Most opera companies are just one bad move away from debt, and LBO has struggled financially for the last several years. But it ended last year in the black and committed to a budget for this season of roughly $725,000 — a figure Mitisek hopes to raise to $1 million within a year or so.

One key factor has been exercising restraint in the scope of productions. “The aim when I came here was to increase the visibility and to keep the mission that we have,” says Mitisek. “I’m not aiming to grow with compromise. I want to grow with the artistic concept and vision that we represent.

“The key is making sure the productions don’t exceed our possibilities and knowing where you are and how to get to the next point instead of spending too much and then having the damage.”

Mitisek has expanded LBO’s offerings from a short June festival, with an occasional small additional event during the year, to a February-June season.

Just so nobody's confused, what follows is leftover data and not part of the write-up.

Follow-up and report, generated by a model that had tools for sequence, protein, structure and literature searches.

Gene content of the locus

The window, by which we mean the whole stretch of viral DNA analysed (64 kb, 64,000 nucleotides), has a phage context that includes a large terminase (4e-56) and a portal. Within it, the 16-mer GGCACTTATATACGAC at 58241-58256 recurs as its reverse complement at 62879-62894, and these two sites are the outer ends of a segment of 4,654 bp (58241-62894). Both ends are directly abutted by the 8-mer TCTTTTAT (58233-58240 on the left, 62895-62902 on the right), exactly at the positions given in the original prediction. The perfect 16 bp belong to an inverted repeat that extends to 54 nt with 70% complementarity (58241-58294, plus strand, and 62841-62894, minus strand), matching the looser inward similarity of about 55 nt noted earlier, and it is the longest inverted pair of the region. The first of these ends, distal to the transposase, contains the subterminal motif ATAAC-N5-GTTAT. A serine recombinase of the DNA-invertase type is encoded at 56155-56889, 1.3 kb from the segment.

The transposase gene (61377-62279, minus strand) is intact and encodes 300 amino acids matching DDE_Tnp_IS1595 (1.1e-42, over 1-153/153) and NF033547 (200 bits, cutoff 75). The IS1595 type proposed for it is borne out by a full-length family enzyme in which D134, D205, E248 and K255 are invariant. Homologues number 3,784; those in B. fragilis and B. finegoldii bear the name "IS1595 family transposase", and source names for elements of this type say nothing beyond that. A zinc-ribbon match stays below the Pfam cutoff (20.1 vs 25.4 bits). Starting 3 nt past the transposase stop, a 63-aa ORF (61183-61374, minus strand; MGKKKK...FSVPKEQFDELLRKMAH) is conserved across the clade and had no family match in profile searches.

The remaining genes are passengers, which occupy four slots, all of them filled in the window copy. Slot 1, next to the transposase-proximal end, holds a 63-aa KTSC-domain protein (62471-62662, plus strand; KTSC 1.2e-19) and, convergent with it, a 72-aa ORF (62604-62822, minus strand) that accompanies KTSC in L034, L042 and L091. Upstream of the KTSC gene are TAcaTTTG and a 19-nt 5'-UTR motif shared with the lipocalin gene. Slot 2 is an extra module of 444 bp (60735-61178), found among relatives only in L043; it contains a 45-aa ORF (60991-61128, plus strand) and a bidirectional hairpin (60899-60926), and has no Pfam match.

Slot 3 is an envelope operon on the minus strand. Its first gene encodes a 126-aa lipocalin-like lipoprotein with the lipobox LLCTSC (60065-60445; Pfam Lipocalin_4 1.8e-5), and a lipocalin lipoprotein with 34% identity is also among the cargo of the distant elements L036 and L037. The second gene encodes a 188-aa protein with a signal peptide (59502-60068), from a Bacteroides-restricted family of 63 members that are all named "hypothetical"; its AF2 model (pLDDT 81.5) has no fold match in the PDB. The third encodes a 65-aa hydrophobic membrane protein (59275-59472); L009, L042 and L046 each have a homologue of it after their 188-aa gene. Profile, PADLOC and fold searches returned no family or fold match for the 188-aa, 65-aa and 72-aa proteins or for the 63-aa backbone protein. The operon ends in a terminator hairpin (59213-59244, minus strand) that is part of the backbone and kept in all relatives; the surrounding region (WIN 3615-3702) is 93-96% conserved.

His aim is for the company to be more visible throughout the year, and using different venues helps make that possible.

Indeed, LBO is attracting diverse audiences to these new places. “It wasn’t just the hip young people, there were also 80-yearold ladies,” notes Mitisek of the “Anne Frank” performances. “I was walking through the audience and one lady said to me, ‘I know exactly what you mean being in here.’ Nothing else needed to be said.”

The difference is between a performance and an experience. “For me, that’s a much more rewarding concept than just using the regular theater,” says Mitisek. “The convenience and the familiarity of always using the same theater has wonderful, positive aspects, but there is also a side where it gets too comfortable.”

In addition to Mitisek’s artistic strategies, LBO’s improved finances are also attributable to increased fund-raising. “We work very economically with the resources we have, which is good,” says Mitisek. “But it is also dangerous because people think we don’t need money.”